Example of a civilian model jacket design based on the N-1. The N-1, to a lesser extent of then the Air Force A-2, MA-1 and N3-B became somewhat legendary for being a well-serving, functional jacket. The problem is one had to enlist and end up in certain positions to receive one. Post WWII patterns and probably sometimes even surplus were converted for civilian use. Today you still see similar jackets being produced by everyone from Schott to Abercrombie and Fitch.
The Jacket seen here has a very similar cut and fabric composition as a Navy issue N-1. Unfortunately the liner is made up of a blended pile and not what would have been alpaca. Still the rugged cut and warmth make these civilian versions a great option for someone who wants the style at a fraction of the price for an original.
A unique offering from one of the iconic labels in hunting apparel. This bag from the 1930s-1940s pairs well with the company’s jackets and would prove useful in the field. It’s made of a herringbone weave cotton with leather buckle for the flap. Two compartments inside with grommeted bottom to let moisture and small particles escape. While the likely use would be munitions and other sundries, it’s possible it could be used to carry small game if you’re lucky enough to fill up the game pocket on your jacket.
The thermometer sign in itself is not a rare piece. My research shows it to be a favorite advertising format for many products, for the first half or more of the 20th century. Dr. Pepper signs of many versions can be found with thermometers. Many using the “Enjoy Hot or Cold” slogan. This particular version, inclusive of “the friendly Pepper Upper” text seemed to be a bit more rare in nature. The sign was painted on as opposed to porcelain which may have affected durability and decreased production rates.
This is an unwashed Champion Reverse Weave sweatshirt from the 1960s/70s. Easily distinguishable by the large 4″ cuffs at wrists and bottom. The wide band at the hem of this sweatshirt keeps the fabric bunched here, but it would eventually loosen up after wear and wash. This era of Reverse Weave tags were color coded by size. Blue seen here is small. Red Medium and Large, Gold XL, from what I have seen. This example still has original sales tag from the university book store. Presumably University of Northern Colorado as it was found here in CO.
Two of Hanes staple products come together in this early insulated sweatshirt. The Wind Shield gets a boost from Hanes’ insulation layer and a new product is born. The insulating layer is attached at the seams but loose elsewhere, not melded to the outer layer. Wide cuffs at wrists and hem. Exterior seams have almost a selvedge look to them and break up the heatherd gray exterior.
Always love finding these bags and wanted to post a couple of examples. Most common colors are brown and duck (tan), but I’ve also seen blue in later models. The heart-shaped handles are unmistakable and a hallmark of LL Bean bags. They’re used on the all-leather tote, wood carriers and even certain canvas (boat and tote) models. Contrary to popular belief, or despite what listings say, the bottom is not leather. Instead, at least in the versions I’ve found, synthetic like vinyl. I am not saying there aren’t leather bottom versions out there, but at least in the case of these ( and the one is a rather old, script logo label), they are synthetic bottoms.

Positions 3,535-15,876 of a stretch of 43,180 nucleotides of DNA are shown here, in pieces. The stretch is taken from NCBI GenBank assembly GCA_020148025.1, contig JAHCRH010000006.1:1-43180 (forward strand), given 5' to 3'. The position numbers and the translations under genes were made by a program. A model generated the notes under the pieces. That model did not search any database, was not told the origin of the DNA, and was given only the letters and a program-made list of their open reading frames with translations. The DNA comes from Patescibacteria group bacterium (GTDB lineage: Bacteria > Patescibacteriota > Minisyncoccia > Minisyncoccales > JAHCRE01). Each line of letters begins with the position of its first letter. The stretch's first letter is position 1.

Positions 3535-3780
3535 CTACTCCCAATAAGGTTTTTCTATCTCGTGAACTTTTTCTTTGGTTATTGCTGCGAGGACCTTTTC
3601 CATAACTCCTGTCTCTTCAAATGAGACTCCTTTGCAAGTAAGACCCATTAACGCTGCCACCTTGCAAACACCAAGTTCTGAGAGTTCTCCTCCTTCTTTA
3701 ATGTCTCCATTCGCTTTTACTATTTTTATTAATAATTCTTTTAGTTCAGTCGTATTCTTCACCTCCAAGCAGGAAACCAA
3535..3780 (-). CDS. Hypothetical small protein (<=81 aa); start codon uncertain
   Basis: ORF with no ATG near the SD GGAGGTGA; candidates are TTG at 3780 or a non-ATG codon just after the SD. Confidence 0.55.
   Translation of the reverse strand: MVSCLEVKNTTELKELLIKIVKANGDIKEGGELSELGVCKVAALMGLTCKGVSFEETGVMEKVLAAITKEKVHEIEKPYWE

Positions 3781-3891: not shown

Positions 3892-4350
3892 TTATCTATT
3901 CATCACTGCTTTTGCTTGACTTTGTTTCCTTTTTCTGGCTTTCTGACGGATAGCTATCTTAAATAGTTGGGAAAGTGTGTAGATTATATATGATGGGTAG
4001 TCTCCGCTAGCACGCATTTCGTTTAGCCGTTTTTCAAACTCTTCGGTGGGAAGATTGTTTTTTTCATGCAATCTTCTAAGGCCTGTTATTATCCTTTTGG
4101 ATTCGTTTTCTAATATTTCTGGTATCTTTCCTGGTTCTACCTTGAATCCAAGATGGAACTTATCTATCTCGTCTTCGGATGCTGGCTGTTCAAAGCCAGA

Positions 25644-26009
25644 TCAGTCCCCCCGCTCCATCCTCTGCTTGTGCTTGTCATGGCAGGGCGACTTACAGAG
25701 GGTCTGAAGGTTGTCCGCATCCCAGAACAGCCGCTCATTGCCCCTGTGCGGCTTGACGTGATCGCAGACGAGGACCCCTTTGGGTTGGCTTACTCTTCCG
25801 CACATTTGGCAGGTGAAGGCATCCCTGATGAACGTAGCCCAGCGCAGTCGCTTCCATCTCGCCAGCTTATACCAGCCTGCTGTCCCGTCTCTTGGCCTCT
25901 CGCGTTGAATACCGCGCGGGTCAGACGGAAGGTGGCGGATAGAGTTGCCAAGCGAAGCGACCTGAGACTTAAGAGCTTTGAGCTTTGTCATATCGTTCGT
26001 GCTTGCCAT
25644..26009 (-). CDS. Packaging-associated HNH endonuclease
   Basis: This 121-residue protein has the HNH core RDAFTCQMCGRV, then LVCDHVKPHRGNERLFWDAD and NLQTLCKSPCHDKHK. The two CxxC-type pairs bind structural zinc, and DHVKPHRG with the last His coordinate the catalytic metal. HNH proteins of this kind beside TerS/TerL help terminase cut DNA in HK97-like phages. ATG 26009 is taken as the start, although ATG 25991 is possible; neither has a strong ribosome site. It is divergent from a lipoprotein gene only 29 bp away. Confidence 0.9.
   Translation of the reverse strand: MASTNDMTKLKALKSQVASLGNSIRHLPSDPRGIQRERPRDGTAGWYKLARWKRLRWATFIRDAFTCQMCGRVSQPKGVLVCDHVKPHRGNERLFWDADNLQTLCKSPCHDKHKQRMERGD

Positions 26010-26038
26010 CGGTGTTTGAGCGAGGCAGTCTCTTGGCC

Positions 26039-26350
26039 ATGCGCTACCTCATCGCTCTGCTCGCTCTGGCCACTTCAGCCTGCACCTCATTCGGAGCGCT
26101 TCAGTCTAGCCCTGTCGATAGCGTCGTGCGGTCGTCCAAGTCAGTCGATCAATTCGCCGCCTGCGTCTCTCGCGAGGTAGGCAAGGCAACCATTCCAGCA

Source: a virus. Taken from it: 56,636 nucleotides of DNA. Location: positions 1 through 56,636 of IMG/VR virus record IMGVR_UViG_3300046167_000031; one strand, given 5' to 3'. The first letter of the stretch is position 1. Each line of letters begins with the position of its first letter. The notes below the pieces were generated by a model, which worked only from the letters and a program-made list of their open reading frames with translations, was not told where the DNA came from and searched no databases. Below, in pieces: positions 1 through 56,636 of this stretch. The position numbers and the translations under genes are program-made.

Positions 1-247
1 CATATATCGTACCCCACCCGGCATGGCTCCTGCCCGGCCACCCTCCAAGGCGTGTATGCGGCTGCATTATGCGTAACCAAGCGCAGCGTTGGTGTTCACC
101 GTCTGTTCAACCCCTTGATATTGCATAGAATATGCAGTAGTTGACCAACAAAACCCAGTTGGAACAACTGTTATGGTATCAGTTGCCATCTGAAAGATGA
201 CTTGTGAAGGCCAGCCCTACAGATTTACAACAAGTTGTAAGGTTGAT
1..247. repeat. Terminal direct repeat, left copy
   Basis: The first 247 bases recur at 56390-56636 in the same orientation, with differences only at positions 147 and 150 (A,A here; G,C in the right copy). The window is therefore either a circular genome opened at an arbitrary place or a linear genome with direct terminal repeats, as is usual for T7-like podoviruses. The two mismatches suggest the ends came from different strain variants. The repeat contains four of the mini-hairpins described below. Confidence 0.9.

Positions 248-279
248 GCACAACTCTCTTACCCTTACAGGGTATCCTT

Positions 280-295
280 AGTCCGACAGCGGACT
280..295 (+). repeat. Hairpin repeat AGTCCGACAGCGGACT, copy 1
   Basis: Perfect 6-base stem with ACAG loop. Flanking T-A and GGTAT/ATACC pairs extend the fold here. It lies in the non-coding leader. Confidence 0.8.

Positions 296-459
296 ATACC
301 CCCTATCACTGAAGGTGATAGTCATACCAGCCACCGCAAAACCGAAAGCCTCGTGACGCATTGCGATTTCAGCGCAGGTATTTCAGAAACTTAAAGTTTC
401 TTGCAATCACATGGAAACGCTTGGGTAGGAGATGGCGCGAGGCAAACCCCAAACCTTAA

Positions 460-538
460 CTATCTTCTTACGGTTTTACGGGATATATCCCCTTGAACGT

Older model N-B3 “Snorkle” parka . From what’s left of the black label, it appears to be made by Skyline. Originally used at Ellsworth AFB near Rapid City, SD.
It has wool lined pockets and a real fur snorkel hood (though patches of the fur are missing). Has reflective strips (see odd color strips on front and back) sewed on. Not sure if this was added at the base or later for civilian use. I’ve come across photos of other parkas with the same reflective addition, so I am assuming the was added on base to make ground crew more visible at night. Conmar zipper at main closure and on the sleeve pocket. This particular parka is in pretty rough shape and has some repairs.
Arizona based artist Ross Stefan (1934 -1999) original art dated 1971. Titled “Antelope Girl at the Summer Hogan”, this piece depicts a Navajo woman, girl as the title suggests, seemingly older and wiser than other girls. She peers inquisitively off over her right shoulder. The artist’s impressionist style coming through in the hues and lines of the hogan in the background. A turquoise earring dangles complementing the chambray shirt, a mix of traditional and modern styles . Pink splashes in the background reflections of the Arizona desert, land and sky where she lives.
This piece was acquired as is. Sadly neglected in its last home. Appears to have water damage resulting in fading and gradation of paint on the front throughout the background and the woman’s hair. Fortunately her face, the focal point of the piece has been spared the worst of it. Some small paint chips in her hair and pink behind her head.
Marking show this is clearly a documented work and you won’t find documentation of it elsewhere on the internet. Piece is available for purchase. Email Rob@basecampvintage.com for details.